The Way It Works
As you already know, I have a PC hooked up to my HDTV in my den. It acts more like a network-attached storage device than anything else, but I occasionally use it browse the web and stream music, movies, and TV episodes. I even created my own home theater homepage app that makes it easy to navigate to the sites I visit the most. I also have an HD antenna attached to the wall behind my TV that brings in some of the local channels over the air in HD. That gives me access to some of the network (non-ESPN) sporting events, but I’m not happy with the variety. I think I might be able to do better with an amplified antenna.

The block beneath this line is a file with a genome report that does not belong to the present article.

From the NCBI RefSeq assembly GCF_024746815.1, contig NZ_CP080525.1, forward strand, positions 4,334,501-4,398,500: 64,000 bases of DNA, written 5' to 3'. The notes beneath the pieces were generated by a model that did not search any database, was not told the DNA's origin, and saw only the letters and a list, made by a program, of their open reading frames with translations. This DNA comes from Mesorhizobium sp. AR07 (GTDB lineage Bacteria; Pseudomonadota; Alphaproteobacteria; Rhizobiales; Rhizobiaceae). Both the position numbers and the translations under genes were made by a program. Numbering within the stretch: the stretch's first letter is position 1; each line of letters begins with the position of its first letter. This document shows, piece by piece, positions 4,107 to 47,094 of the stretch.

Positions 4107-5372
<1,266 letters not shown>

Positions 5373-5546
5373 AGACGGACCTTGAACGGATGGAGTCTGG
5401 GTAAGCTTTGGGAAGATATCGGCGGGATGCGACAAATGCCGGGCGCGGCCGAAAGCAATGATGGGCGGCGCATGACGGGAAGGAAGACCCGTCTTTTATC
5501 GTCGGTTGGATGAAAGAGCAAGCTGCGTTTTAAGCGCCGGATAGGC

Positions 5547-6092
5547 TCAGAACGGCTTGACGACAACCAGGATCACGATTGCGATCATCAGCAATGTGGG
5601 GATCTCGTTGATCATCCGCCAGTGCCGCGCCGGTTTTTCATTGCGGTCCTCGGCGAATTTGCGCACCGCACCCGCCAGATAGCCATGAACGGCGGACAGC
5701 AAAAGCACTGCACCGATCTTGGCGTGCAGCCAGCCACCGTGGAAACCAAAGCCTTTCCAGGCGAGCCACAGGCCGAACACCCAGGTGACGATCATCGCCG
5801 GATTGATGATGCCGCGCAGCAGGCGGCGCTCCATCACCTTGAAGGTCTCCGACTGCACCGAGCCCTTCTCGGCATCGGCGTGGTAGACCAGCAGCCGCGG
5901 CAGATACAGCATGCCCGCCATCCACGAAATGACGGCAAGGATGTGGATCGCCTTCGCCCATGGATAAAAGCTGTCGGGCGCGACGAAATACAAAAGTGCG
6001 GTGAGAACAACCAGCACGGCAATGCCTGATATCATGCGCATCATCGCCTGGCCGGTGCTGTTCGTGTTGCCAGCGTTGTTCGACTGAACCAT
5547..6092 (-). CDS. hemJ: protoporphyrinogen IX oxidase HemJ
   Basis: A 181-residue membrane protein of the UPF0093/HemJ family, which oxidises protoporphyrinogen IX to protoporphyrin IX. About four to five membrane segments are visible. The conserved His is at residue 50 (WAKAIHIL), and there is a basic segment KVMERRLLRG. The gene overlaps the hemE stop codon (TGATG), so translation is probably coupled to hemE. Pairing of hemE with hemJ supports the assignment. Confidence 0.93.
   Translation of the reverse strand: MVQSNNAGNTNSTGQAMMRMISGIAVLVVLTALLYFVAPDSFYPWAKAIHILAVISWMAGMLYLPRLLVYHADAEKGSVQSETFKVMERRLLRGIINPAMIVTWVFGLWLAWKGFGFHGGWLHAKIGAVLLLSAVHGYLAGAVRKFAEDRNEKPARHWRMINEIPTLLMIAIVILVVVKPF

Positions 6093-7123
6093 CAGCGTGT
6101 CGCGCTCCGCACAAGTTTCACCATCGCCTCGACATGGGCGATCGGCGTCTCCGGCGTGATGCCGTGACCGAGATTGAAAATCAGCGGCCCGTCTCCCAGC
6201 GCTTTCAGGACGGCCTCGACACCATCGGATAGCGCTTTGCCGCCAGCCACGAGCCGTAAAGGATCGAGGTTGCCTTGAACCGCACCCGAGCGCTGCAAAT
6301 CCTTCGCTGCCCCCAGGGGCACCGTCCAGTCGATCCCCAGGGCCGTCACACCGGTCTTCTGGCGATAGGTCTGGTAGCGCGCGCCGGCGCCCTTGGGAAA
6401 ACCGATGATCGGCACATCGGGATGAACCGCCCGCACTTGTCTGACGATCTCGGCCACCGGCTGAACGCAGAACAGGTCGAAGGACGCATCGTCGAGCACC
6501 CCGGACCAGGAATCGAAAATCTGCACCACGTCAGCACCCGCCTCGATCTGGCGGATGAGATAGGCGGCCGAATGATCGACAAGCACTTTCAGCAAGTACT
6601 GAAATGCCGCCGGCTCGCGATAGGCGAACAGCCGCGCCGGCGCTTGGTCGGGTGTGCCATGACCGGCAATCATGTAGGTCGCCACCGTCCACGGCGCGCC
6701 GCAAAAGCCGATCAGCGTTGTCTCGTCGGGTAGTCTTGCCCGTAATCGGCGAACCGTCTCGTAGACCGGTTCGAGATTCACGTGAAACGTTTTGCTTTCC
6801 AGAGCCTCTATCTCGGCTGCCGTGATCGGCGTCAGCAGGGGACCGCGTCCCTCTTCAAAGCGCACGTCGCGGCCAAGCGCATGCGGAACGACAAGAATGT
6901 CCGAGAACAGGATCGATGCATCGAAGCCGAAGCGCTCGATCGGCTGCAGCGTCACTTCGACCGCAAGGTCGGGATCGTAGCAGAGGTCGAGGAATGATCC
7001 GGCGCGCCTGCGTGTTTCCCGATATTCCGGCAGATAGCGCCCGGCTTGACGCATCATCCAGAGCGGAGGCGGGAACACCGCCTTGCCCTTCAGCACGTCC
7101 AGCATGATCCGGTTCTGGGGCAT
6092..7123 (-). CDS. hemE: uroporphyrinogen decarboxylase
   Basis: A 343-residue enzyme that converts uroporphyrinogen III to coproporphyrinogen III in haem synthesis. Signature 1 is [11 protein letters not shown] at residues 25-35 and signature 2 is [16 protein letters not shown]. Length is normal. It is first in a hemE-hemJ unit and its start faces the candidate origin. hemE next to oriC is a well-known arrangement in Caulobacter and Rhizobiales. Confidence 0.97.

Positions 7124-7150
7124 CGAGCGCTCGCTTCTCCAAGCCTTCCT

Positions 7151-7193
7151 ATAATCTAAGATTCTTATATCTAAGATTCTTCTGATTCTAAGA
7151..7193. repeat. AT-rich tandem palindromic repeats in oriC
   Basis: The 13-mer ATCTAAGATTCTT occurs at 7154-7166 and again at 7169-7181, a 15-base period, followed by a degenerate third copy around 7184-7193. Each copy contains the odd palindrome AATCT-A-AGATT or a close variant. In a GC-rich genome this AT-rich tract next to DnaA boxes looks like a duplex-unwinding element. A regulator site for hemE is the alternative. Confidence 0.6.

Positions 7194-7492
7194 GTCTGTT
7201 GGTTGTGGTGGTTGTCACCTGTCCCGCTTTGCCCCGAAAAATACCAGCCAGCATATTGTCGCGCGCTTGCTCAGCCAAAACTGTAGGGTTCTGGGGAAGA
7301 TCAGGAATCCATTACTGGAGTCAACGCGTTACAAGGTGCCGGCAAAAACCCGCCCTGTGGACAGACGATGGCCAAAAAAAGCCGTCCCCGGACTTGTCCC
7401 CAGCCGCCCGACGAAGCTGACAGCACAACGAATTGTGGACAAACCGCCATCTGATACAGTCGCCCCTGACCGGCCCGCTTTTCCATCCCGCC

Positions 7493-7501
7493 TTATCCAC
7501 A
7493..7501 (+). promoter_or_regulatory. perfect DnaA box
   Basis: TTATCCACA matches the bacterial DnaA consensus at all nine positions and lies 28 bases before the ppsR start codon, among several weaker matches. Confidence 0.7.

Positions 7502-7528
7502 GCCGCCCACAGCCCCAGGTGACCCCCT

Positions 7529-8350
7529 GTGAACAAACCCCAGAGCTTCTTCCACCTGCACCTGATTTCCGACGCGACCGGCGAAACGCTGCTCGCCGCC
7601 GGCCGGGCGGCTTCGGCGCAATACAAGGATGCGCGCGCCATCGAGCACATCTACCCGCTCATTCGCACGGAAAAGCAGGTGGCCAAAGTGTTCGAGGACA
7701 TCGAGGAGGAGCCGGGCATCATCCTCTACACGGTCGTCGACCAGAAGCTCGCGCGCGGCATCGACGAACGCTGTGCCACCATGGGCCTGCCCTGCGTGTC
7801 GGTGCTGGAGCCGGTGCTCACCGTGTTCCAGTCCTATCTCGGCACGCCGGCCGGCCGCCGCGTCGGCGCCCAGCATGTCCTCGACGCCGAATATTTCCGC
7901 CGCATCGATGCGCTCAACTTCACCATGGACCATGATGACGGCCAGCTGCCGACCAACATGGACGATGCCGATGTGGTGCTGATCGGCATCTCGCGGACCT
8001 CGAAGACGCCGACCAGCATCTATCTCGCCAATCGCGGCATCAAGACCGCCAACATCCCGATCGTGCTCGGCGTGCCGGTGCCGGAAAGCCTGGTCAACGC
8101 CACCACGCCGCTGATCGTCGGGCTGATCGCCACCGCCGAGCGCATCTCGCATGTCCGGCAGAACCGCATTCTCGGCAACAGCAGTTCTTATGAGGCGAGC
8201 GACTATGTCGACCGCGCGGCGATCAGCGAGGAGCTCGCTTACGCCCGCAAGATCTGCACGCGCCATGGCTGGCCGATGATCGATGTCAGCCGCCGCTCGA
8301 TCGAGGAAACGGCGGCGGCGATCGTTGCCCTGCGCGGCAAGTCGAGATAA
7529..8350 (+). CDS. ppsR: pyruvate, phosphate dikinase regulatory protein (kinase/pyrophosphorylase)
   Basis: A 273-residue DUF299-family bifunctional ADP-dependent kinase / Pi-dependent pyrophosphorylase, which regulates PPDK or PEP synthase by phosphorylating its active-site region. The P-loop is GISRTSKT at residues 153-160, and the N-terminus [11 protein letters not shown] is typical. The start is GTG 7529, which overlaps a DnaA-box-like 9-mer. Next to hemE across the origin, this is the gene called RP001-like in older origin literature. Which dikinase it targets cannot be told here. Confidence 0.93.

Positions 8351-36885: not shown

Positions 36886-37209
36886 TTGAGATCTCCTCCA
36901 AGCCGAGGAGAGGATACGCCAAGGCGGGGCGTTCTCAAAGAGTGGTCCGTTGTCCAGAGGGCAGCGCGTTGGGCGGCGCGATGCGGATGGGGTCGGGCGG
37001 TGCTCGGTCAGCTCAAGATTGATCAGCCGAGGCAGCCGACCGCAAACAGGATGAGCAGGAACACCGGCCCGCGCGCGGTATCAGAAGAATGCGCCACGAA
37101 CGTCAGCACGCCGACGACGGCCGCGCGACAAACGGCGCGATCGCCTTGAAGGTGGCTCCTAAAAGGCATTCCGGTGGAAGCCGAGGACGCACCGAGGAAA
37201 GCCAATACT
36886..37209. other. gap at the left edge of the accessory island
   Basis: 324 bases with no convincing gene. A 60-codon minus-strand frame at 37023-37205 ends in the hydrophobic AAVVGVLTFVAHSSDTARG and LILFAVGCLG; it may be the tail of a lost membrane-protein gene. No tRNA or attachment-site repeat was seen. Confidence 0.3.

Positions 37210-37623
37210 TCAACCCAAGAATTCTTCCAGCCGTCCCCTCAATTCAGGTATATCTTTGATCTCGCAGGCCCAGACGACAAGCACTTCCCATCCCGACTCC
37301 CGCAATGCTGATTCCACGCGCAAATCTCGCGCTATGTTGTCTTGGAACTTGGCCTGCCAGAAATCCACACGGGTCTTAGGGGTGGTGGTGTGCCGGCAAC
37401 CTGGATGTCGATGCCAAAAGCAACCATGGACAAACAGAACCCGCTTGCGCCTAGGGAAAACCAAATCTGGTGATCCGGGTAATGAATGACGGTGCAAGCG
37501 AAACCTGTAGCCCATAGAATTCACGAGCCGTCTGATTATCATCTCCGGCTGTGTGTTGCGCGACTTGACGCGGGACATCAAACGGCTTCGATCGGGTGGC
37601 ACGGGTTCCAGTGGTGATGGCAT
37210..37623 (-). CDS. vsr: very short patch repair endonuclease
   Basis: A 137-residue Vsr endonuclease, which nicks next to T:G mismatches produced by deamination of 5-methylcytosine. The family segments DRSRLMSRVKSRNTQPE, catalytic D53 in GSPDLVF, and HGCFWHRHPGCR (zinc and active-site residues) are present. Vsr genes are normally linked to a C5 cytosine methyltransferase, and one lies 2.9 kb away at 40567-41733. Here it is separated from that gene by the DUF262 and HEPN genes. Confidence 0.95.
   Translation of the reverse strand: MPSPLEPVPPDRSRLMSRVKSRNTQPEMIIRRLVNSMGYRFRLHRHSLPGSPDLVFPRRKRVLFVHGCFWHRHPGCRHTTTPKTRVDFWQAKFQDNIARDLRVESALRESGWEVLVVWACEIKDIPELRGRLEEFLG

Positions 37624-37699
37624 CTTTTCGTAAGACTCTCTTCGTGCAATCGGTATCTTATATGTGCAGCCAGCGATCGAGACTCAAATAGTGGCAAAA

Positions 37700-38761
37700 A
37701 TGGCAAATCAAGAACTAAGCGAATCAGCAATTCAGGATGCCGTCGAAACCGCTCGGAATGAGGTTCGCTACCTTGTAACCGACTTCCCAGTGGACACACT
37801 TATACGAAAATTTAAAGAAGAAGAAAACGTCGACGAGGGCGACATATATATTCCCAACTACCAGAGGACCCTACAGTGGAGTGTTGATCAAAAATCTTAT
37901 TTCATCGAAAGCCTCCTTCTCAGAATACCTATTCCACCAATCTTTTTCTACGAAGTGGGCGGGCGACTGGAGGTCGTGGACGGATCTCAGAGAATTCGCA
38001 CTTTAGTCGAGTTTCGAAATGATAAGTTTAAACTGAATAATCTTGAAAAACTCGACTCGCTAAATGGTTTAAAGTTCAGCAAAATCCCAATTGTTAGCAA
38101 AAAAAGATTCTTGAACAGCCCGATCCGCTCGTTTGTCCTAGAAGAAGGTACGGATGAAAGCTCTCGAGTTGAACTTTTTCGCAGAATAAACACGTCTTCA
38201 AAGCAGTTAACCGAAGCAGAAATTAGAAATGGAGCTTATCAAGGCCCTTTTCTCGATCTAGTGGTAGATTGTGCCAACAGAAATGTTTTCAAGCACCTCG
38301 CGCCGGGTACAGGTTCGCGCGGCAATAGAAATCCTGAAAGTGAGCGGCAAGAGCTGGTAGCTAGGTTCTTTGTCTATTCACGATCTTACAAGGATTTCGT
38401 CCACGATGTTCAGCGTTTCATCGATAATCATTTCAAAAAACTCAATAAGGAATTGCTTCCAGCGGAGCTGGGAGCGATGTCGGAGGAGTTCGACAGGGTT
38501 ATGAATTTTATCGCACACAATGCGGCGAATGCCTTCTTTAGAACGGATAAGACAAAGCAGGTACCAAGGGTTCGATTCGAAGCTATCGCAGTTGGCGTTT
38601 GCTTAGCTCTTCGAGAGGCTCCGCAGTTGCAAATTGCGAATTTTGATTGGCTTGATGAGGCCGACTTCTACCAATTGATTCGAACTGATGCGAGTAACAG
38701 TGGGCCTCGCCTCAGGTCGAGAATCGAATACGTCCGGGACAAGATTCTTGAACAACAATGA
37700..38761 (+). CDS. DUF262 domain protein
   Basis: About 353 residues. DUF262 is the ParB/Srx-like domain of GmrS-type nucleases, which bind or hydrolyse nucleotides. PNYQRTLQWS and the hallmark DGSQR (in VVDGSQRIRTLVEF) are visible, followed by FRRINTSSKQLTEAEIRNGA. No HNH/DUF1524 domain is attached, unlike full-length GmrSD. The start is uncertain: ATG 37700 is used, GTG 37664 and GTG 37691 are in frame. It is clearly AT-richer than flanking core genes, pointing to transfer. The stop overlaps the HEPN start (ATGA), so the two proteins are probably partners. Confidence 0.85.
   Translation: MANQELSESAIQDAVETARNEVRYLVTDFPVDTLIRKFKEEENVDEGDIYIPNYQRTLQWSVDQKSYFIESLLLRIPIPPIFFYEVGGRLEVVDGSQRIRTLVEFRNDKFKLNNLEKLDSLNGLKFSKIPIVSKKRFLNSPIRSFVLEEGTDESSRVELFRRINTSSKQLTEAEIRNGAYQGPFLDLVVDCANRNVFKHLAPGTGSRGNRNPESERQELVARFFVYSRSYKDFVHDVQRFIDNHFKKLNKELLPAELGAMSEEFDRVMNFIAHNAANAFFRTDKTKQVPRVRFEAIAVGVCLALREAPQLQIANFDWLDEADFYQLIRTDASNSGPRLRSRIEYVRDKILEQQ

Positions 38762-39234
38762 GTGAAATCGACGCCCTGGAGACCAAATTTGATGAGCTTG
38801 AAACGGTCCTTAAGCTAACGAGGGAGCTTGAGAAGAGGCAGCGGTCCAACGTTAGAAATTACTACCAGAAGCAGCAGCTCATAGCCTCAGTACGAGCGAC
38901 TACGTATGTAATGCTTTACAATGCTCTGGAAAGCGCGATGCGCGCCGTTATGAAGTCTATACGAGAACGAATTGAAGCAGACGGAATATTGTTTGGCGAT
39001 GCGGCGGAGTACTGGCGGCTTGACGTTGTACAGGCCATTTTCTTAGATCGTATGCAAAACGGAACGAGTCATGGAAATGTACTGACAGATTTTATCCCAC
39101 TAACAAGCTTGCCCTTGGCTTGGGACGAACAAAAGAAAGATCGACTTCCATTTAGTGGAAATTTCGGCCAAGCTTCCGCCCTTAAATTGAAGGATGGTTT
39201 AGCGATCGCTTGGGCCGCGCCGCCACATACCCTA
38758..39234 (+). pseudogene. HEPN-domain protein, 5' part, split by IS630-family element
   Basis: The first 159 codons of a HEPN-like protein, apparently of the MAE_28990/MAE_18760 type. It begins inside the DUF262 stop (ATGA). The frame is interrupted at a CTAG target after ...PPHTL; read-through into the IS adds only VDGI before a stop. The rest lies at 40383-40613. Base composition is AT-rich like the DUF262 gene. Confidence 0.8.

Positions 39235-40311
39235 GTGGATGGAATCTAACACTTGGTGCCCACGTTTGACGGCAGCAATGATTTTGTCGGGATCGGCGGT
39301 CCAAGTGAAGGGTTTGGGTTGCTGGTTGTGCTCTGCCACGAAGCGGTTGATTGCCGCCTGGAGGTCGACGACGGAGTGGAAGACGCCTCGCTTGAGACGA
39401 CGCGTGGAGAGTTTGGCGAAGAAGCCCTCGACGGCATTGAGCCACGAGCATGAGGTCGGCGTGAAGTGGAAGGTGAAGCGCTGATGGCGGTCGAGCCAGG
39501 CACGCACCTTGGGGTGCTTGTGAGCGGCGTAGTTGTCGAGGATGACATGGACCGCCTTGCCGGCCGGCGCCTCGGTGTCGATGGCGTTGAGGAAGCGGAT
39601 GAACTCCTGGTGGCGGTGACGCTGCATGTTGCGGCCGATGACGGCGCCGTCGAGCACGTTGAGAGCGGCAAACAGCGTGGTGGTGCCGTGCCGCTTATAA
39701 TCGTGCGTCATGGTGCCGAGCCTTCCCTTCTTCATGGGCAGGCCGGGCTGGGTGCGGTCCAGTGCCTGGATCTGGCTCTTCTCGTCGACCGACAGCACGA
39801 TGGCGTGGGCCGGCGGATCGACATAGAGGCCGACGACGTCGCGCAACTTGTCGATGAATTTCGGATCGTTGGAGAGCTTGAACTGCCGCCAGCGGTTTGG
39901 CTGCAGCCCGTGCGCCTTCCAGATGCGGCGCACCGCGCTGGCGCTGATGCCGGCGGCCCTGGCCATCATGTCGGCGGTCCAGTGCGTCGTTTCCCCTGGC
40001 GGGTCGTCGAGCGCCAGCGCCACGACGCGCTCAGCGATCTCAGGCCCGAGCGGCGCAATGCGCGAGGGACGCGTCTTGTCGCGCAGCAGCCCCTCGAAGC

The way my entertainment system works now is pretty much the way it’s always worked. To my dissatisfaction, we still have several remote controls. I use the input button on the TV remote to switch between live TV, Roku, BluRay, and my PC. I could probably get a universal remote for everything, but sometimes you need a small remote and other times you need a handheld keyboard and mouse. One day, all of this will be fed into one centralized system with one very easy-to-use remote control, but that day is still years away. Remote controls have simply failed to evolve along with media players. There’s ample money to be made in simplifying the process.